The following is a guest post from Jodie Deinhammer. Jodie is a science teacher at Coppell Middle School East in Dallas, TX. She has created global projects that connected teachers and students in celebration of World Water Day and Earth Day 2017, which generated over 1,400 videos and 125 hours of engagement.
In middle school science, we often focus on scientific misconceptions. Our students get so much of their information about the world from social media that is often misleading and not truthful. Why is what you see in the media not always credible? How do you know what to believe when you read two articles on the same topic with completely opposite opinions?
My goal this year is to focus in on scientific misconceptions in the media and help my students become responsible consumers of information. I want them to know when they are being misled or tricked into believing something that isn’t scientifically backed.
Our grid this year, Imagine, will focus on scientific hot topics, many of which focus around the Global Goals for Sustainable Development. Students will be asked a debatable question and learn how to conduct scientific research in place of just Googling. They will then answer the question and support their statement with credible science. We hope to get feedback from other students around the world as well as experts in the field.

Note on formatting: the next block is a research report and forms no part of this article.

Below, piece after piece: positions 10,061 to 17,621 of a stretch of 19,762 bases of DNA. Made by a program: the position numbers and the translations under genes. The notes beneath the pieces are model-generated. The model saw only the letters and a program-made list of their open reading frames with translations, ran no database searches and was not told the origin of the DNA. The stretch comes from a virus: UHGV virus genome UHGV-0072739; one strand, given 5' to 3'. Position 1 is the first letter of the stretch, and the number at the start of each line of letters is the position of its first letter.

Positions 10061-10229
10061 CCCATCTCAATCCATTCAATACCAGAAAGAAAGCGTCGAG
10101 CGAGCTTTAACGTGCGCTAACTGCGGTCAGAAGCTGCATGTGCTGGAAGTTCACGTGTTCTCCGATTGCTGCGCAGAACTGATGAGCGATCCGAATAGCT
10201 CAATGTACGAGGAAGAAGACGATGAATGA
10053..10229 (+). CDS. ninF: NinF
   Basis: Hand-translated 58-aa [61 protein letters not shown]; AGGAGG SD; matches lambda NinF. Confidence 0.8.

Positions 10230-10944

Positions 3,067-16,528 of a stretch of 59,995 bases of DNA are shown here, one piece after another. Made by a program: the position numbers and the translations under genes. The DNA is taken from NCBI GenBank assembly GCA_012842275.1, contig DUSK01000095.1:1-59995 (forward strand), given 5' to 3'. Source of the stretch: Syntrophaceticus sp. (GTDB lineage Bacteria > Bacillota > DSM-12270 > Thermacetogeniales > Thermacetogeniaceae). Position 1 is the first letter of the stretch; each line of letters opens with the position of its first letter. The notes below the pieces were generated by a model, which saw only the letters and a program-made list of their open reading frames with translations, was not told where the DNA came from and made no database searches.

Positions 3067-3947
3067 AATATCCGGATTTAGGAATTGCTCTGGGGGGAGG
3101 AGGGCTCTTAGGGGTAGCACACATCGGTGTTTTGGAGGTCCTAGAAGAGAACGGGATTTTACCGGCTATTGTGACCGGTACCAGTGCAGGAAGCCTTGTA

Some of our topics for the year include questions about sugar and memory, performance enhancing drugs, designer babies, climate change, and habitat destruction. Topics will derive from classroom content or current media subject and will be added once every two weeks or so. When you visit the grid, click Follow and you'll be notified whenever I post something new.
When you have a chance, check out the grid at flipgrid.com/imagine (or enter code 'imagine' in the Flipgrid app). We would love for you to join us as we share the truth behind popular scientific misconceptions!